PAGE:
It’s a really brilliant satire in many ways, on the art world and on art school. There’s a great bit near the beginning where an artist comes to talk to the class. It says the artist put a curse on them before she left, saying, “Only one of you will make it in the art world,” which is the kind of thing you get told on creative writing classes. It’s a very scathing book, razor-sharp, and no-one really escapes. It’s a brutal exploration of female friendship. I loved it, and I loved where she goes with the characters, and she really delves when she’s exploring them. It deals with the sexuality of Paulina and Fran, not only with the men they come into contact with, and have relationships with, but in terms of what they think of each other and why they’re attracted to each other.

The idea of the doppelganger is something that comes up in this book. There’s a terrifying kernel within recognising kinship with someone. While they can understand you and you can understand them there’s a beauty in that, and a loveliness in being seen for who you really are; but there’s also a terror, because if somebody knows you, then they can destroy you. Understanding combined with potential destruction is at the heart of this book.

There’s sadness as well as the girls leave college and enter the disappointing adult world and everything is mediocre and there isn’t that same invigorating connection around every corner that there is when they’re at college. They have to make sacrifices of self and of longing and of desire. That resignation is a great tragedy in this book and really well-explored and the ending—I won’t give it away—will savage you. It’s so brilliant and sad, and perfect. I think Rachel B Glaser is a stylist, and I love stylists. There’s a beautiful rhythm to her sentences and real originality to her jokes and to her observations. I think it’s a bold, brazen, dark and dirty book.

There’s a book called Eat My Heart Out by Zoe Pilger, which has quite a few similarities with this one. The heart of it is a friendship, in many ways, between the main character and an older feminist. It’s a satire on feminism and the same kind of almost deceitful narration that’s also very thrilling is there in both books. When you’re reading them you feel like you’re sticking your hand in a bag of snakes. You’re going to do it, you’re not going to woose out, but there’s that kind of treachery afoot in both of these books.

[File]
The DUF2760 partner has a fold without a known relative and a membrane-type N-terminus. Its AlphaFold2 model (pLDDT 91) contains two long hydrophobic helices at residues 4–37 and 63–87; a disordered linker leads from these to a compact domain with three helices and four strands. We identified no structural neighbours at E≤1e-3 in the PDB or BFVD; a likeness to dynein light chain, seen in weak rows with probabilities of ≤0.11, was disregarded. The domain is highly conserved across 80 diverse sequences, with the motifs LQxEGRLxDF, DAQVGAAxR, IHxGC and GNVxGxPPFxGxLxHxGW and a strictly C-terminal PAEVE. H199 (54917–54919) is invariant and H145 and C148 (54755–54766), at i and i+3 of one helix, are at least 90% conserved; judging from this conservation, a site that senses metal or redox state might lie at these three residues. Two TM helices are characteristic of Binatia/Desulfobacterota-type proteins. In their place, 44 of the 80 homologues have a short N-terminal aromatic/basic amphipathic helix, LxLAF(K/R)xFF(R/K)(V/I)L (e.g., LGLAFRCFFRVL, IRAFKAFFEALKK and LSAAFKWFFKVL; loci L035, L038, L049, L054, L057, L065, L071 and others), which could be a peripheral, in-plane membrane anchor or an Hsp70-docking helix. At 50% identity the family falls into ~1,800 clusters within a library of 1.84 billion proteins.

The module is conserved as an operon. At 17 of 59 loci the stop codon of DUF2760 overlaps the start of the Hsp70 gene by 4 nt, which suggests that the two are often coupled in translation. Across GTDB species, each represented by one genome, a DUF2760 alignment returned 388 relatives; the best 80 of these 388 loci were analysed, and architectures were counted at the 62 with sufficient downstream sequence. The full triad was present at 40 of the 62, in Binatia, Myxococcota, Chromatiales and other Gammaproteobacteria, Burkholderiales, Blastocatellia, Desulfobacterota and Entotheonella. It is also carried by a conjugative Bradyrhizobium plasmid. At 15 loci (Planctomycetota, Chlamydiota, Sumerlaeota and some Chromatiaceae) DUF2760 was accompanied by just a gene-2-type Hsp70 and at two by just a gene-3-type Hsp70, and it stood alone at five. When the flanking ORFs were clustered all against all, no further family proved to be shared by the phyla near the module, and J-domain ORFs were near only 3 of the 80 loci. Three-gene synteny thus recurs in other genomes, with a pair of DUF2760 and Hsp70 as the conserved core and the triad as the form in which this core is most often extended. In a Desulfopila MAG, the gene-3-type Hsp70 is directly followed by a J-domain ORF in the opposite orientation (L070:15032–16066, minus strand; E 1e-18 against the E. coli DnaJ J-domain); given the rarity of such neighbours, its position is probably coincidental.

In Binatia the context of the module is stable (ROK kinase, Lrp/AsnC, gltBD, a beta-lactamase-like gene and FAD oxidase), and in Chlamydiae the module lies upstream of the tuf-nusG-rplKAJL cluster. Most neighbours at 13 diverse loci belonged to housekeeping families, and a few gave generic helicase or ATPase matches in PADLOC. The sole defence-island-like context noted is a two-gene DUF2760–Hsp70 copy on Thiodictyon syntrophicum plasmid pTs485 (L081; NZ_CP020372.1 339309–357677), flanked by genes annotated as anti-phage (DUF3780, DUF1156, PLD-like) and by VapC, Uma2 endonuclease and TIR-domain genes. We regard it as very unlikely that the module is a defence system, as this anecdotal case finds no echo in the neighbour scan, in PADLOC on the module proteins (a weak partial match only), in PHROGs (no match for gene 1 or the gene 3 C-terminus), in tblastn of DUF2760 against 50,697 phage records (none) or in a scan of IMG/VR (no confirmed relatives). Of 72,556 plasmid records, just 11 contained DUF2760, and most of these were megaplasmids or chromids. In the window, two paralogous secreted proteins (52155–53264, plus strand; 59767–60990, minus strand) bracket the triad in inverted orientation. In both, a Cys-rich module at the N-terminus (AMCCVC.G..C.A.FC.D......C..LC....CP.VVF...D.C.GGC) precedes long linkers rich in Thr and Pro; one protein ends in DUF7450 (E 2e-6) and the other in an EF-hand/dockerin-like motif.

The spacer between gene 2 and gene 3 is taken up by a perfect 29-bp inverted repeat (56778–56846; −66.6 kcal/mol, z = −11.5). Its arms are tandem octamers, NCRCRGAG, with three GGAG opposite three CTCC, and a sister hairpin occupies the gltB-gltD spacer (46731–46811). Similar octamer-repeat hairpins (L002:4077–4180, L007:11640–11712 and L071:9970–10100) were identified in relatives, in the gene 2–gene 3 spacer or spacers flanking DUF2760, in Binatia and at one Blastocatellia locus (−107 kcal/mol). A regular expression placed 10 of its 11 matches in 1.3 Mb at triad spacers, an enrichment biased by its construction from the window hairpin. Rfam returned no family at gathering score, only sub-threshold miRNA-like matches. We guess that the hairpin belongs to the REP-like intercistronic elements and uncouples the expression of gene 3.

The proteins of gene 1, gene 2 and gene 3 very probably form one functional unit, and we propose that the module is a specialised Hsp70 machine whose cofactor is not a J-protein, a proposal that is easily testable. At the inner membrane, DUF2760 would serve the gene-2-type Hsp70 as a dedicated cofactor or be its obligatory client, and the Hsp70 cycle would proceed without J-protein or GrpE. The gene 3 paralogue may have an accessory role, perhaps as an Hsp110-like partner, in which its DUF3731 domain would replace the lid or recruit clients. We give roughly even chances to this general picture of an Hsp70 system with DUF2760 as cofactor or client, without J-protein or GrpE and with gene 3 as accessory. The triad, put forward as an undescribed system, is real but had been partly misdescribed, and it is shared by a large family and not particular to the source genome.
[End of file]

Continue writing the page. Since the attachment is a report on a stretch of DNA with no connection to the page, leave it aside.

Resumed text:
I was thinking earlier, do I have a relationship with books like this that is like a destructive friendship? I’m compelled to keep going back.

The book focusses on some—what you might call—superficial details, such as hair, or even female friendship itself. Why do you think female writers are still having to argue that these things can be profound?

I guess because we’re generally disrespected, and our looks are commented on so much and we’re always asked where our dress is from and when we’re going to have a baby. So while those questions keep coming we’re going to have to keep ripping the piss out of such things in our writing. Rachel B Glaser writes about hair, but is completely satirising our obsession with it. She is also being 100% sincere.

In the Atwood, there’s a section where the protagonist Elaine is interviewed by a journalist as to whether she’s a feminist painter, and she angrily gets around that because she feels the way she’s being questioned is really cynical. I think getting angry and being funny are the answers to this.

This is Margaret Atwood’s Cat’s Eye. Tell me about this book.